Engines are perfectly suited to the MINI’s mission, providing lively response throughout the operating range and a sweet demeanor with perfectly tuned aural cues from intake to exhaust. Both engines displace 1.6 liters and feature the performance and fuel-efficiency benefits of direct injection. Even the base 2009 MINI Cooper Convertible, at 120 horsepower and managing a 0-60 time of 8.5 seconds with the six-speed manual, is a blast to drive and feels quicker than its acceleration numbers suggest. Move up to the turbocharged, 172-hp engine standard in the MINI Cooper Convertible S models and revel in 177 pound-feet of torque that’s delivered in a relentless wave from 1,600 to 5,000 rpm (0-60 in about 7 seconds). A turbo six-speed manual requires absolutely no downshifting to pass at highway speeds; hit the throttle, wait a millisecond, and the turbo will waft you swiftly past traffic with ease. That all of this performance is achieved with EPA numbers of 28 mpg city, 37 highway (base) and 26/34 mpg (S) proves the intelligence of BMW engineering acumen and the indisputable advantages of a lightweight vehicle. If you’re at all prone to manual transmission, get the six-speed; slick and sweet, it makes you look like a skilled driver every time.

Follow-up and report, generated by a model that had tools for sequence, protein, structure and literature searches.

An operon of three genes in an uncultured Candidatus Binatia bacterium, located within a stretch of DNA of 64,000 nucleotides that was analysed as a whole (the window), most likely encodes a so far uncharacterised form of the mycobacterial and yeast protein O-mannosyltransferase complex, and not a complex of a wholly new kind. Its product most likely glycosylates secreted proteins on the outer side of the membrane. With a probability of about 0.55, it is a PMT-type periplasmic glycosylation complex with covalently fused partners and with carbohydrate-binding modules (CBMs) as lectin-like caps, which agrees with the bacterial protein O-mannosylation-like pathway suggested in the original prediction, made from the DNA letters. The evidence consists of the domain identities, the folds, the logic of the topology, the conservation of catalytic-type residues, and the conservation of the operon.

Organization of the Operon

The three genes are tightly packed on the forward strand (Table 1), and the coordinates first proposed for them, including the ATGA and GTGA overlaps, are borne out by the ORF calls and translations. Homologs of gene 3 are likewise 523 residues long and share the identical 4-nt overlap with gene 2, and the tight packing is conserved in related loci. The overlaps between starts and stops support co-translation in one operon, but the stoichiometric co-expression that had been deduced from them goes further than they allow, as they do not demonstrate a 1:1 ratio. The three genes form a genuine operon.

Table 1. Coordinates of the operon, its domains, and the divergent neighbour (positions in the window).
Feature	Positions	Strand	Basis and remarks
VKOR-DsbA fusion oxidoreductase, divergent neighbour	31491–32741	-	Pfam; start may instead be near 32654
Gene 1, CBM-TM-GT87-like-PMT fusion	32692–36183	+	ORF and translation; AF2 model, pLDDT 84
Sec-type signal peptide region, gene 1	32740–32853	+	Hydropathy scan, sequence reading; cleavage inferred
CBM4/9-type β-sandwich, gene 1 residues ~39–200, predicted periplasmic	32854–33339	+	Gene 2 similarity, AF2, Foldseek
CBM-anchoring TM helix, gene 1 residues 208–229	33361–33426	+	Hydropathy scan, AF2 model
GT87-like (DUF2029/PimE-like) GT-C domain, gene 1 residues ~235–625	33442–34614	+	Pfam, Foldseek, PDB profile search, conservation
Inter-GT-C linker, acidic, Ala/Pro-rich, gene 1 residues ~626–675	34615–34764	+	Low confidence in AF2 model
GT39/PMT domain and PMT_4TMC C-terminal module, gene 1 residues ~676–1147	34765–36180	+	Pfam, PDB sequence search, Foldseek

Everything about the MINI’s driving experience forces a grin. The joy is perhaps most noticed in its chassis, which combines MacPherson struts up front with a sophisticated central-arm rear axle to strike a sublime balance between razor-sharp reflexes in town and all-day driving comfort even at 80 mph and above. The sport suspension, with its performance-oriented 17-inch wheel/tire combo, does suffer some impact harshness and nervousness over rough roads, but its dizzying levels of grip will provide copious rewards for aggressive drivers. The biggest drawback in the Cooper S Convertible is the electrically boosted power steering, which has a rather digital, numb feel that's out of character with the rest of this vehicle; while an extremely accurate implement, it’s a bit of a letdown, especially compared to BMW’s typically brilliant feel. One other gripe: The S-mode, which heightens throttle response, alters steering effort, and raises shift points in the automatic, should really be the default setting for a car of the MINI’s intent and demeanor. Without the S-mode button depressed, the electronic throttle feels a little sluggish and non-linear.